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USAC must lead lobbying efforts

By Daniel Feeney

May 9, 2010 9:00 p.m.

Dear newly elected student leaders,

Before I start going on about how you need to do this or that this upcoming year, I want to congratulate you on your recent election. Although you may have bugged me with your fliers and your phone calls, you all did a good job of getting the word out about your slates.

As the election is over, however, I am afraid that you, as the Undergraduate Students Association Council, will go from being on every corner of campus to the normally low post-election visibility. With the cost of education rising and the number of classes diminishing, you should prepare to act and become visible throughout all of next year, utilizing the sentiments of students at UCLA and the University of California to apply a constant pressure to the state.

This past year, we witnessed that students across the UCs can protest visibly, and en masse, against budget cuts, particularly during the November UC Board of Regents meeting. Unfortunately, despite the strong show of support, the protest was already too late.

The UC Regents were, in my mind at least, essentially acting as a sort of intermediary, delivering news of the budget issue to the students. Now that we know the issues plaguing the university, we have also begun to understand where many of our issues arise: the state.

Though the state is a much broader and more nebulous power than the UC Regents, whose actions can be easily identified and quickly criticized, it seems to be the source of many of the UC’s issues. Unwise spending policy, coupled with costly propositions (like the recent high-speed rail proposition, which I have bitterly complained about since its passing), have led to yearly budget crises that threaten our education at UCLA.

What you at USAC can do to prevent these cuts is lobby ““ lobby not just on our behalf, but with our help. As our USAC officers, you are in the perfect position to organize UCLA students into a body that can call for the state to undertake financial reform and to make higher education a priority.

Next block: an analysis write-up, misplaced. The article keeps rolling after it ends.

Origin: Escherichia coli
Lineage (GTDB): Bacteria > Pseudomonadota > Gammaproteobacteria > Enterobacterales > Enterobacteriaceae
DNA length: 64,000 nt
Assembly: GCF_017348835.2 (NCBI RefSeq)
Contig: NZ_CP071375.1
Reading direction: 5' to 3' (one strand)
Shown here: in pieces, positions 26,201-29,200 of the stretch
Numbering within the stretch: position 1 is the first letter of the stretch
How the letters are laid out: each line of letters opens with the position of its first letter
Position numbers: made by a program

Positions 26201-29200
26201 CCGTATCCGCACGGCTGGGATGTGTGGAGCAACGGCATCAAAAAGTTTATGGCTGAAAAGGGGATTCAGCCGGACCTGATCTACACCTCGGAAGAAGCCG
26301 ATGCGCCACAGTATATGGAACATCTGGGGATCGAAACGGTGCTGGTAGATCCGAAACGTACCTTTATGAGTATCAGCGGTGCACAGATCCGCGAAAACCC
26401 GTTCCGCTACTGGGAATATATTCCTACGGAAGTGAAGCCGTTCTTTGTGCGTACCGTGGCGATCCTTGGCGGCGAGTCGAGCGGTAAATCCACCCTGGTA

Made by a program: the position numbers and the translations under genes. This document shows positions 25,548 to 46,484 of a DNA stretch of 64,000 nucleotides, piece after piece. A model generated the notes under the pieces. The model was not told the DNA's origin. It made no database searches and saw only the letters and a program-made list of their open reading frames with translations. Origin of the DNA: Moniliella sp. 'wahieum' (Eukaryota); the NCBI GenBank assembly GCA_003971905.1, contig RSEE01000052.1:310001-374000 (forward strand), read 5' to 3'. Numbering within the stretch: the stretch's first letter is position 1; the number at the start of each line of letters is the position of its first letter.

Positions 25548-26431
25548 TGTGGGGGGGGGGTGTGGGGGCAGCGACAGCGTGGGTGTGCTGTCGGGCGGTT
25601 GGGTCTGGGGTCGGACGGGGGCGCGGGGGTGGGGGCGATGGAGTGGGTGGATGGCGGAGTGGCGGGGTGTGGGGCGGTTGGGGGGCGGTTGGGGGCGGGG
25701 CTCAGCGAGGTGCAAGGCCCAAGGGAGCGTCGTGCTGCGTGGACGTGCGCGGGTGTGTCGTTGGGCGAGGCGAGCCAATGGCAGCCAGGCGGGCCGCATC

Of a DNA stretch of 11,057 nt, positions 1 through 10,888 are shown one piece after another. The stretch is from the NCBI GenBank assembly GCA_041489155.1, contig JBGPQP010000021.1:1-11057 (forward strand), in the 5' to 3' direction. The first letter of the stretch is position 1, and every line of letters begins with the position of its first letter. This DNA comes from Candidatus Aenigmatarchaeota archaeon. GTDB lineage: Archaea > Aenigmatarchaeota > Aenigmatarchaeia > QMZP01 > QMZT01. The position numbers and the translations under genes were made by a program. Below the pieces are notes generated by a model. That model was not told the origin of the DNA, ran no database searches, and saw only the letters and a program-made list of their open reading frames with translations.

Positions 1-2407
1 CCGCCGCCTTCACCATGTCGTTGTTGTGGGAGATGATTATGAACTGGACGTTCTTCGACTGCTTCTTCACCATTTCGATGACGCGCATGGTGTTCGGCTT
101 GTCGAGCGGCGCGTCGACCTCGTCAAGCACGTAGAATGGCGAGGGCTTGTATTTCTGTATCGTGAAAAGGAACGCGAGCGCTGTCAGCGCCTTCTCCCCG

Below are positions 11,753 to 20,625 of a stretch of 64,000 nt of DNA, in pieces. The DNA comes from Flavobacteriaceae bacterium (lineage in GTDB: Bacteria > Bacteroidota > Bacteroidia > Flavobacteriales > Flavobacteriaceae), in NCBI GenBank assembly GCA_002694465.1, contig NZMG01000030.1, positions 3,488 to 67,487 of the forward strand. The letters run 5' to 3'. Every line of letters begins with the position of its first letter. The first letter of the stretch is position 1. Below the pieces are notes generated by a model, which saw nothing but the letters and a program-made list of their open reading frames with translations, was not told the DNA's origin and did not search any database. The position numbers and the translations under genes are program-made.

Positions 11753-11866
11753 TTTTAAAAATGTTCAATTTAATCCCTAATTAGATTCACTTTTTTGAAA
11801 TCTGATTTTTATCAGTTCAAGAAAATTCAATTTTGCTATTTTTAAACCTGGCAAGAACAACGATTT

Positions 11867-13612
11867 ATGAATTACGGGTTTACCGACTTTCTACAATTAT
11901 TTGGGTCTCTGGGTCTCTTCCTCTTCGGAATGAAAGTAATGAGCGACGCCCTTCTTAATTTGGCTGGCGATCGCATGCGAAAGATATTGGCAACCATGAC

Currently we have the Bruin Lobby Corps, through the Office of the USAC External Vice President, which speaks on issues on students’ behalf. While this is a useful group, there have also been complaints that they lobby primarily liberal issues.

Instead of using only the Corps, we must utilize the entire office of the EVP and USAC as a whole to organize students and lobby the state. USAC can move above liberal or conservative ideas to gather support around something we all have a vested interest in: the quality and cost of our education.

In the past, students have protested actions taken. This year we must take a different approach ““ we have to try to pre-empt cuts and call for a prioritization of education before a problem arises.

According to the Fresno Bee, state Controller John Chiang said that monthly revenue was not as high as predicted, worsening the state’s deficit. If this situation has any predictive powers for the coming months, which I am afraid it will, the UC may face even more cuts. While the students’ lobbying efforts may come to no avail, if we want to have any ground from which to complain about cuts, students should speak now.

We see the continuing signs that more cuts may be coming, and you at USAC can use your respective offices, and the body as a whole, to coalesce students into a force that can take action. As a body, USAC has many important tasks to oversee. And you, as individuals, campaigned on slates stating that you would fulfill certain promises. With that said, our education is one issue that all students across the university can agree upon.

By becoming vocal now, we can hopefully secure a larger piece of funding from the state and in doing so help prevent cuts to educational quality, or even further fee increases.

Over the past few quarters, we have witnessed an increase in student fees and threats to cut down class sizes. Had we chosen to speak as students before the cuts, had we organized as a body before the issues unified us in anger, we may have prevented the problems from occurring in the first place.

You at USAC provide important services for the campus, but more importantly, you have the power to act as a voice of the undergraduate body. If you are able to garner the help of the student body as a whole, you are in the perfect position to let our voices be known to the state and to ensure that students are provided with affordable and high-quality education.

I hope you all are able to have a successful year and can achieve all of the campaign promises that you ran on.

Hoping for no budget cuts,

Daniel Feeney

E-mail Feeney at [email protected] Send general comments to [email protected]

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